“We explained that government plans to put that in the Supplementary budget of 2021 which will be submitted by the National Assembly as soon as the Minister of Finance resumes from vacation. On the issue of IPPIS, we explained to them that it is something that is of general application, a lot of civil servants, public servants had complained that some of their allowances were omitted in the payment of their emoluments.

“IPPIS office explained that it was work in progress, they are putting back those allowances and they showed evidence that they have put back so many. So these two issues are the cardinal issues in the points they have made.

“So in the main, after conferring with Mr President, we are telling the unions not to carry out the action because that action will run counter to ILO Statute on Social Dialogue and Principles at work because their employers have listened, they have brought them to the table. So for SSANU and NASU, we are imploring them not to carry out their threat which they said will take effect from this midnight.

“Moreso, when the meeting adjourned from their own instance. Just this morning I received a letter from them giving us a new date for the continuation of the dialogue, they proposed a new date of Thursday 11th of February and my office has communicated to the back that we will be ready for them at that time because as they claimed they needed time to consult with their constituency and come back on the fresh issues that have cropped up from the discussion. So I briefed Mr President on that.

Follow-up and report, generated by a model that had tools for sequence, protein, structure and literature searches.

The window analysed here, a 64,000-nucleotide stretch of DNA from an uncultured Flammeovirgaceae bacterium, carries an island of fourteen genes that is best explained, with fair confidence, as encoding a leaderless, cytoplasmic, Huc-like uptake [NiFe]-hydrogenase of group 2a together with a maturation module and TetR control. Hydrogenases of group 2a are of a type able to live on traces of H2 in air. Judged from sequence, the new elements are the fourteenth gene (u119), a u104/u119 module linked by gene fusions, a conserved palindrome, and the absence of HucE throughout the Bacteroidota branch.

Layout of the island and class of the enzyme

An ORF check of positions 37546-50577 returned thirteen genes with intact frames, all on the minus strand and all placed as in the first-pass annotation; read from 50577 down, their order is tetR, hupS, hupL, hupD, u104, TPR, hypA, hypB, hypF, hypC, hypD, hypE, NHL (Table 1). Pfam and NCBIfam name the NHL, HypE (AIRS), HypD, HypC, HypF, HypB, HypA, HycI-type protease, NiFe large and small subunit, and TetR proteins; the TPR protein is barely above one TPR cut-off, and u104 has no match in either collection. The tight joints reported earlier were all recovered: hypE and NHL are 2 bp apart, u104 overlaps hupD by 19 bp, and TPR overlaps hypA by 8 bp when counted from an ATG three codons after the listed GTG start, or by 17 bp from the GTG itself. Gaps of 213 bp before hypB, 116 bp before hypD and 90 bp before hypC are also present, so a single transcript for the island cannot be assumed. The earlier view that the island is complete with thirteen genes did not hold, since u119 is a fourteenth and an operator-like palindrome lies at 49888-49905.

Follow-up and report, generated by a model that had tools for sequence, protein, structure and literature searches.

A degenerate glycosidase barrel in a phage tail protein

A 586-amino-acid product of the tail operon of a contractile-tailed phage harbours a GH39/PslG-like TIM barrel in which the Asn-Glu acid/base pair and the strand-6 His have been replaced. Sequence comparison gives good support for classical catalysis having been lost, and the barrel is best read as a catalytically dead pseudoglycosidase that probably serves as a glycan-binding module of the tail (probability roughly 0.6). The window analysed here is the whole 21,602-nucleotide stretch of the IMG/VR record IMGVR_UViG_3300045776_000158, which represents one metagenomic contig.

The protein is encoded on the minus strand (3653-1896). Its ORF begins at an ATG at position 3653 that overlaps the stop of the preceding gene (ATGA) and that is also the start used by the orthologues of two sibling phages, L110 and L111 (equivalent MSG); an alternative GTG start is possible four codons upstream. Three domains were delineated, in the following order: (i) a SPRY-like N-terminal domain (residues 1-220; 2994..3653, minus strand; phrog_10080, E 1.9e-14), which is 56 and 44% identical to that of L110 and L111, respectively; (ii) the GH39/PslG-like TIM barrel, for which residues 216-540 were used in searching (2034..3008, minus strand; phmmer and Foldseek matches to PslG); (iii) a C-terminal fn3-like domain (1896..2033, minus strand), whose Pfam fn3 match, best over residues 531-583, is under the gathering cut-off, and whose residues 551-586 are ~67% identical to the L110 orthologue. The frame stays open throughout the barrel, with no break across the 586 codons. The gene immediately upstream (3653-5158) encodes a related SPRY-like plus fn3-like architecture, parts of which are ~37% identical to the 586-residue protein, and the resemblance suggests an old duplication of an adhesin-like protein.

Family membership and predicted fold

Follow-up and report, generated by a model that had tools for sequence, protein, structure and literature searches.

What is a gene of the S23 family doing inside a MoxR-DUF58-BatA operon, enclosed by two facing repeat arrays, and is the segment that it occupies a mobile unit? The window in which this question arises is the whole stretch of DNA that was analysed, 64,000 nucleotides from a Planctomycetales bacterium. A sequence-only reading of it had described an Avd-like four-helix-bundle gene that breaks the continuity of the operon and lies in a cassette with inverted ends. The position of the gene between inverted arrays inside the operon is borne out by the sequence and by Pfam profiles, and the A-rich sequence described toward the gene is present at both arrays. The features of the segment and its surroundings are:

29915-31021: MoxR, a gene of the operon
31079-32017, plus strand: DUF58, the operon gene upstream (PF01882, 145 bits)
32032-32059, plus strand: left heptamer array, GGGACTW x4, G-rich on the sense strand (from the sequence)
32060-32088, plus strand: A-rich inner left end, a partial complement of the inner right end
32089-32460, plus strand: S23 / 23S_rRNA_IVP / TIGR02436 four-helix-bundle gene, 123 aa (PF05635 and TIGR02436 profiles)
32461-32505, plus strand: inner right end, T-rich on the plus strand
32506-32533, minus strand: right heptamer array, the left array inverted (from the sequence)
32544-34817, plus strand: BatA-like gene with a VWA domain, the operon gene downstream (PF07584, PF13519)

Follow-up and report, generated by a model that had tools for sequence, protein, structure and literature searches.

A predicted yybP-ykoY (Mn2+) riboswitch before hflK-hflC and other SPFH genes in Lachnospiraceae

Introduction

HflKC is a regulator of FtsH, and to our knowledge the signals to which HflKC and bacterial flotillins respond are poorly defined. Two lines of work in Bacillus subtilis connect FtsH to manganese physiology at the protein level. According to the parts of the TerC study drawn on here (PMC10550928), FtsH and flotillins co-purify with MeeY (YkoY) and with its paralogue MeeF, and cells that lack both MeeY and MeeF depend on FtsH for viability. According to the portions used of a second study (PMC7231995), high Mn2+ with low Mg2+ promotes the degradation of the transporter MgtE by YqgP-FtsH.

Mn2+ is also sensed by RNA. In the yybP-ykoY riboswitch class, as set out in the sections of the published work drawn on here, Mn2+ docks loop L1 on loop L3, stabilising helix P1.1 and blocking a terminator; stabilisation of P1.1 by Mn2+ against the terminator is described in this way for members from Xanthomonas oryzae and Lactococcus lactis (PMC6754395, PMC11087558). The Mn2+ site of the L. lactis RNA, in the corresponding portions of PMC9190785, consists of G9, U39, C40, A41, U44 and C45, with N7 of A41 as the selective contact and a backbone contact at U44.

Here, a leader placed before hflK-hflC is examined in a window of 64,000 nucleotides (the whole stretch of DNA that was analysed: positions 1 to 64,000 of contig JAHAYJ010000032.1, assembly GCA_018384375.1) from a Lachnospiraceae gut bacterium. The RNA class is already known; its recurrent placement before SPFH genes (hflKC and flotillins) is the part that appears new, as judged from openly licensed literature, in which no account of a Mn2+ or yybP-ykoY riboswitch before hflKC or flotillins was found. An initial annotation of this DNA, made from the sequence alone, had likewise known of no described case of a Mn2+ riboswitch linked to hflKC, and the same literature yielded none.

Asked why the government waited till the last day to respond to threats by the unions especially as they have decided to embark on strike starting from midnight of February 5, he said it would be illegal for them to go ahead with the strike.

According to him,  “It will be preposterous for them to say that as we wait to negotiate further, they are invoking a strike by midnight today, that will be against the labour statute of both the International Labour Organization and the Nigeria Trade Dispute Act and we will frown at it if they ever go that route.”

Also asked if the government would invoke no work no pay policy should the workers go ahead with the strike, Senator Ngige said,”I don’t want to go to that area because I presume that good judgment will prevail.

” The leaders of SSANU and NASU are very knowledgeable and very experienced in labour matters. The General Secretary of NASU, Prince Peters Adeyemi and the SSANU President, Comrade Mohammed Haruna Ibrahim, they are experienced labour leaders, they know they will not go that route, they know if they go that route it will be an illegal strike.

“They know that if they go that route, yes they also have a right to strike and the employer also has the right to some relief. They also know that when they go that route it means that they have broken down the negotiation in my place that they are not listening.

“The labour laws also say what I can do if I find that I can’t manage the situation. The law says that I can refer those disputes upwards starting from industrial arbitration panel to the National Industrial Court, so these are the options that are left.

“I am very optimistic that if they give us three months, the Finance Minister will do the needful.”